Do you need a new phone, laptop, TV, or tablet right now, today, but can't help salivating over new gadgets at CES that won't be released for a few months? Best Buy (NYSE: BBY) may have a solution for you. The company launched its buyback program Monday, offering to let customers trade old purchases in for newer models. The program might take the edge off buyer's remorse, but it's likely to benefit Best Buy more than its customers.

You can now pay Best Buy an additional $69.99 (for laptops, netbooks, and tablets) at the time of purchase for the option to trade the product in within two years (four years for TVs) for some percentage of the original price. The percentage you get back decreases over time, so it's better to do so sooner rather than later. The fee differs for mobile phones and TVs.

The program has a lot of benefits for Best Buy. First, while it isn't the only one of its kind -- Wal-Mart (NYSE: WMT) and GameStop (NYSE: GME) both have similar programs -- it still makes Best Buy more attractive than, say, buying straight from Apple when getting that new iPhone, which is likely to be obsolete within a year.

Second, much like extended warranties and mail-in rebates, a good portion of customers will likely never bother to trade their product in, letting Best Buy pocket the fee. Even if it gets redeemed, the customer only gets a Best Buy gift card, which also has a chance of never being used. Best Buy is no stranger to gift card breakage profits.

And even if those gift cards get fully redeemed, the company says it will likely sell the traded-in products through online auctions, where used iPhones, for example, often sell for close to full retail -- higher than the trade-in cashout.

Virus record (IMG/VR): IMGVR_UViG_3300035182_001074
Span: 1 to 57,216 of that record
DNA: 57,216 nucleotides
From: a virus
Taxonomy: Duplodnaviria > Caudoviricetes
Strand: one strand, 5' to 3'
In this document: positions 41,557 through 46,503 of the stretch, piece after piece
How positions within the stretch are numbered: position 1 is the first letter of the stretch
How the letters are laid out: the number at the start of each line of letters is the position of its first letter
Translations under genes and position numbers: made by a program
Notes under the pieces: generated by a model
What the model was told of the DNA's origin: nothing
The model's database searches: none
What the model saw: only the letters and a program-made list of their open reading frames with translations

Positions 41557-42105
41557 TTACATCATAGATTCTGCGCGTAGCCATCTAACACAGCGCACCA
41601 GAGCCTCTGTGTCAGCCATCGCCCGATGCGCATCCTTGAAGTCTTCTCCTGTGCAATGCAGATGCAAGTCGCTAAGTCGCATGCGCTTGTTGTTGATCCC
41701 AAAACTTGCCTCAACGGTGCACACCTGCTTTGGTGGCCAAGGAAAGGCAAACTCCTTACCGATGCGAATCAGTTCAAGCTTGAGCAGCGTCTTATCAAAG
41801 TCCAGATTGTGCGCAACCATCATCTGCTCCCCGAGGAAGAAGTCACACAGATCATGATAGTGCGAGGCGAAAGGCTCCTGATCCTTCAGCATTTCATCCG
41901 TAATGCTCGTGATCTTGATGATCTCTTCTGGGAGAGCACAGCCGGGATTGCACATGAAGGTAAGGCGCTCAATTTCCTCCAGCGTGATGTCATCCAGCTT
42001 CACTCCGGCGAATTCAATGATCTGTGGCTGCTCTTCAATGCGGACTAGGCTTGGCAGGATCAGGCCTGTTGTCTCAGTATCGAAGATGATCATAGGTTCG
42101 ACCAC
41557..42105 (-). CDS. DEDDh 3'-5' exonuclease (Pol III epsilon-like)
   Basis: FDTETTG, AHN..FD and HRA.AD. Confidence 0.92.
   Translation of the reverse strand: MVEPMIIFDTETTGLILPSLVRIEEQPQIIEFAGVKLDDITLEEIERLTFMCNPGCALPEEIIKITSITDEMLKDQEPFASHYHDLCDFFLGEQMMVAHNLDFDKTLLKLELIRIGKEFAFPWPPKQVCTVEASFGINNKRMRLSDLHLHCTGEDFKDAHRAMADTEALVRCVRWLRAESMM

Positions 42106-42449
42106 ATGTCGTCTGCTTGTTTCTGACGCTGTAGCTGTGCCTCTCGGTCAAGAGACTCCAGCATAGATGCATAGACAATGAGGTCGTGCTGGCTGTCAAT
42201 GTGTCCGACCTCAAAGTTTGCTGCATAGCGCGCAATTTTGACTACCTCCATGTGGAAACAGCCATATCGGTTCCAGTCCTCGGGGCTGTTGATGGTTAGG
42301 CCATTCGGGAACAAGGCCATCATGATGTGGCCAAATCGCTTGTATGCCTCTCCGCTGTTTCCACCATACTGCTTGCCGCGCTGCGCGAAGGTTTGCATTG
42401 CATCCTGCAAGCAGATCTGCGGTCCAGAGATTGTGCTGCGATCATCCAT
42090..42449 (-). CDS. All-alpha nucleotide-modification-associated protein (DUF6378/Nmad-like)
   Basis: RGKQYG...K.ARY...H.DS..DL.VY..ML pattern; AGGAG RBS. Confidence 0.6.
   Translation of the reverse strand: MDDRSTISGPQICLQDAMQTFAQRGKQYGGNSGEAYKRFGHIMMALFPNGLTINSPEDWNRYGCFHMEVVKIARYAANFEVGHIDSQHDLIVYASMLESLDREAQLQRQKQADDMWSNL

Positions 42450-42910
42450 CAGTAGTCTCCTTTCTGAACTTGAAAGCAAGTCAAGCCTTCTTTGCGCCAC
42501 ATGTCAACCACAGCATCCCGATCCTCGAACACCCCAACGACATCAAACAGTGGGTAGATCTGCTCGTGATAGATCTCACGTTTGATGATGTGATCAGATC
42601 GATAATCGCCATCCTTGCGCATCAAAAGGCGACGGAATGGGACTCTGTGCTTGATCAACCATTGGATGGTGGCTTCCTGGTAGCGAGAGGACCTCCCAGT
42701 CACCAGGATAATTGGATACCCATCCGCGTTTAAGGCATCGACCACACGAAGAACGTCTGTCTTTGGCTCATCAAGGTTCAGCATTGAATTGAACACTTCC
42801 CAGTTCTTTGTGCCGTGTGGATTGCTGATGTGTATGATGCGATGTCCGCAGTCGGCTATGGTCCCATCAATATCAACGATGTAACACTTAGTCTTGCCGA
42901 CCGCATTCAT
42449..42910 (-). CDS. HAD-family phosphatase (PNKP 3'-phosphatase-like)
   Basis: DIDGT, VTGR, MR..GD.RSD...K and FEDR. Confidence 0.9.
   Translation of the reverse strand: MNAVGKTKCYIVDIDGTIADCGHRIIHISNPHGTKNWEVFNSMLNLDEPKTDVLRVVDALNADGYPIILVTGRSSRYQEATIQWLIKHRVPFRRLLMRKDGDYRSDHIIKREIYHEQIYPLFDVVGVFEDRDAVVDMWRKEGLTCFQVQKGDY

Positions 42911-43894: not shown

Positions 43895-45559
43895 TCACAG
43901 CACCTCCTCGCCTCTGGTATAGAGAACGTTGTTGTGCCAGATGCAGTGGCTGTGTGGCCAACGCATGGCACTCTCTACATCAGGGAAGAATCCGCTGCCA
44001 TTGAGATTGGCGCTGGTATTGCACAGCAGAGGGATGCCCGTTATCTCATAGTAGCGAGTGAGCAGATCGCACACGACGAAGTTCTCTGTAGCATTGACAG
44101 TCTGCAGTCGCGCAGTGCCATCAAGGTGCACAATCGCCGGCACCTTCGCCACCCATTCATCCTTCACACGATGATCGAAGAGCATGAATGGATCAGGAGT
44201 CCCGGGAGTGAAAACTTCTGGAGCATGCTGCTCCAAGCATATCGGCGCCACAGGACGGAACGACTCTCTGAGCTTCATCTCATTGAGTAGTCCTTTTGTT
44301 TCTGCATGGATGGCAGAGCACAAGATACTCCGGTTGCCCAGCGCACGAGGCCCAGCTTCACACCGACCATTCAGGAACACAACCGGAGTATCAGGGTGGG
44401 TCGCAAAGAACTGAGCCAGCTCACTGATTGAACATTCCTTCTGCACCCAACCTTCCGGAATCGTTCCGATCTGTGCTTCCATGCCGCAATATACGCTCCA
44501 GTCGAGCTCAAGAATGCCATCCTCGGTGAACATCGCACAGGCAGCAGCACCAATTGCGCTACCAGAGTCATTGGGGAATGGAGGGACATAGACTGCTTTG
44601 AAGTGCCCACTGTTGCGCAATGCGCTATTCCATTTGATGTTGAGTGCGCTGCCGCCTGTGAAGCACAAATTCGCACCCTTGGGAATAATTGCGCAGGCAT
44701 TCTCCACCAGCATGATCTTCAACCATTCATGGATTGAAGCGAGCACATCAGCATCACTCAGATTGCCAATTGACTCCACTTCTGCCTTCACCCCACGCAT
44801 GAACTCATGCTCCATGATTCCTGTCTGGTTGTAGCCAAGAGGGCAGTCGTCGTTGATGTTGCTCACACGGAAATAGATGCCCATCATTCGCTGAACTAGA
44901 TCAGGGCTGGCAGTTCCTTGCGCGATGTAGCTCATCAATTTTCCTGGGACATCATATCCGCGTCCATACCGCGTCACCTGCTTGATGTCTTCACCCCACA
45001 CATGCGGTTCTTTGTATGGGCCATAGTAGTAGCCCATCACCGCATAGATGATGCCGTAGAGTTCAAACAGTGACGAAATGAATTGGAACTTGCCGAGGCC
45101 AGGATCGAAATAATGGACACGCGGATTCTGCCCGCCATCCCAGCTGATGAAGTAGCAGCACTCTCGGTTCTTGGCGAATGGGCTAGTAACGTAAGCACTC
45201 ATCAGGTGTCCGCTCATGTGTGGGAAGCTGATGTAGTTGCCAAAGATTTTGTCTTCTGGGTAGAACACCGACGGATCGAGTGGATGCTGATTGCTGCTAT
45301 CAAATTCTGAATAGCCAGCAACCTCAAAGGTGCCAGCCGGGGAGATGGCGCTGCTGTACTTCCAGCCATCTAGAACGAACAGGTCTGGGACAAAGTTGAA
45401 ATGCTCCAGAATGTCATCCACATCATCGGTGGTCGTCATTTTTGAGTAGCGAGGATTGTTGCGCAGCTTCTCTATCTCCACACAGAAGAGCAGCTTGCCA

And finally, the program makes customers feel like they're saving money, but it actually encourages them to spend more. Customers might normally get a new $300 phone every couple of years, but after spending $69.99 to get 40% back after one year, they might feel compelled to start buying more frequently and not let this money go to waste, giving Best Buy a net $249.99 each year for a new phone and trade-in option.

This trade-in program may help some customers (some are even gaming it), but it seems like it will help Best Buy more than anyone.

Fool contributor Jacob Roche holds call diagonals on Wal-Mart, but has no other position in the stocks mentioned. Best Buy and Wal-Mart are Motley Fool Inside Value picks. Apple and Best Buy are Motley Fool Stock Advisor selections. Wal-Mart is a Motley Fool Global Gains recommendation. The Fool has written puts on Apple. Motley Fool Options has recommended buying calls on Best Buy. Motley Fool Options has recommended writing covered calls on GameStop. The Fool owns shares of Apple, Best Buy, GameStop, and Wal-Mart. Try any of our Foolish newsletter services free for 30 days. We Fools may not all hold the same opinions, but we all believe that considering a diverse range of insights makes us better investors. The Motley Fool has a disclosure policy.